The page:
Divorce Figures And Annual Trends Hint At A New Year Of Big Decisions
Family law experts have said that many couples are once again expected to make a new start their top priority for 2012, just weeks after research revealed the divorce rate across England and Wales is rising.
January 3rd, the first working day of the year, is traditionally the busiest of the year for family solicitors with divorce enquiries flooding in, both from married couples whose relationships have deteriorated over a fractious festive period and those who have been considering a separation but held off until after Christmas for the sake of their children.
Earlier this month, the Office for National Statistics revealed that 119,589 divorces were finalised across 2010. A 4.9 per cent rise from 2009, the trend demonstrates that fears about the economic climate are not stopping people from reassessing their lives.
Because of this, family law specialists at Irwin Mitchell have warned that 2012 could prove to be a year of big decisions for many households.
Alison Hawes, a Partner and family law specialist at the national law firm, said: “Rather than seeing the economic climate as a reason not to split, we are seeing a number of recent enquiries in which financial issues have been the catalyst for people to reassess their relationships.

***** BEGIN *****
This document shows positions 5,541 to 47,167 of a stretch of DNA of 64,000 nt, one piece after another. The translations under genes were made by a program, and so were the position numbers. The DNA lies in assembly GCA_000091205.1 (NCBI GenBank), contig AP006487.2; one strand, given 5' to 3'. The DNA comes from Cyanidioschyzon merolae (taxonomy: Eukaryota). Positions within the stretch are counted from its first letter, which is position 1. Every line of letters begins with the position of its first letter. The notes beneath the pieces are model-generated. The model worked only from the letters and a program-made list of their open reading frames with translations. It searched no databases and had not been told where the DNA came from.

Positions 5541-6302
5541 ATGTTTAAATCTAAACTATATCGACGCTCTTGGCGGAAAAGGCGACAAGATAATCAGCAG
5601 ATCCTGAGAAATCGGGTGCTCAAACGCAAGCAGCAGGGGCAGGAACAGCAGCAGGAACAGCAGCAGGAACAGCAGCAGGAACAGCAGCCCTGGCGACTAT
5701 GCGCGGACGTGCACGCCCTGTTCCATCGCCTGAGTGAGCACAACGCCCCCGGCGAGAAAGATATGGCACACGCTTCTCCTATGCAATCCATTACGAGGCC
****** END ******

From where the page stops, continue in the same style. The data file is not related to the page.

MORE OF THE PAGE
“The Christmas period should undoubtedly be a happy time for couples and their children but sadly the strain of spending more time at home, as well as the general stress of organising festive and New Year events, can prove to be the straw that breaks the camel’s back in many scenarios.
“We talk to many people who have decided to divorce after having a stressful Christmas and advise them to think very carefully to ensure they are not making a rash decision by ending their relationship.
“However, the latest ONS figures show that divorce is gaining much more attention and may be on the minds of many people long before the festive period this year.”
Previous research by Irwin Mitchell has shown that many people raise the issue of separation with a partner long before contacting a lawyer. It also revealed that in most cases the decision to divorce is a mutual one.
Alison outlined: “It goes without saying that the reasons for divorce can vary significantly from case to case.
“For some younger couples, it may stem from disagreements over whether to have children. Alternatively, older couples might grow apart following ‘empty nest syndrome’ – when children have grown up and left the family home. For all couples, relationship breakdown may have been caused by arguments and disagreements over money.
“However, despite these various reasons for a split, we would always urge any couple to seek professional legal advice at the earliest opportunity.
“This is particularly important as it can ensure people are advised of the options which are most suitable to their situation, whether it is two people wanting to sit amicably to discuss their plans through mediation or those who have no choice but to go to court in order to gain access to what they are entitled to.
“Financial constraints are likely to play a key part in how people choose to finalise the terms of a divorce at present and professional advice from a legal expert can play a role in ensuring decisions are made in the fairest way possible.”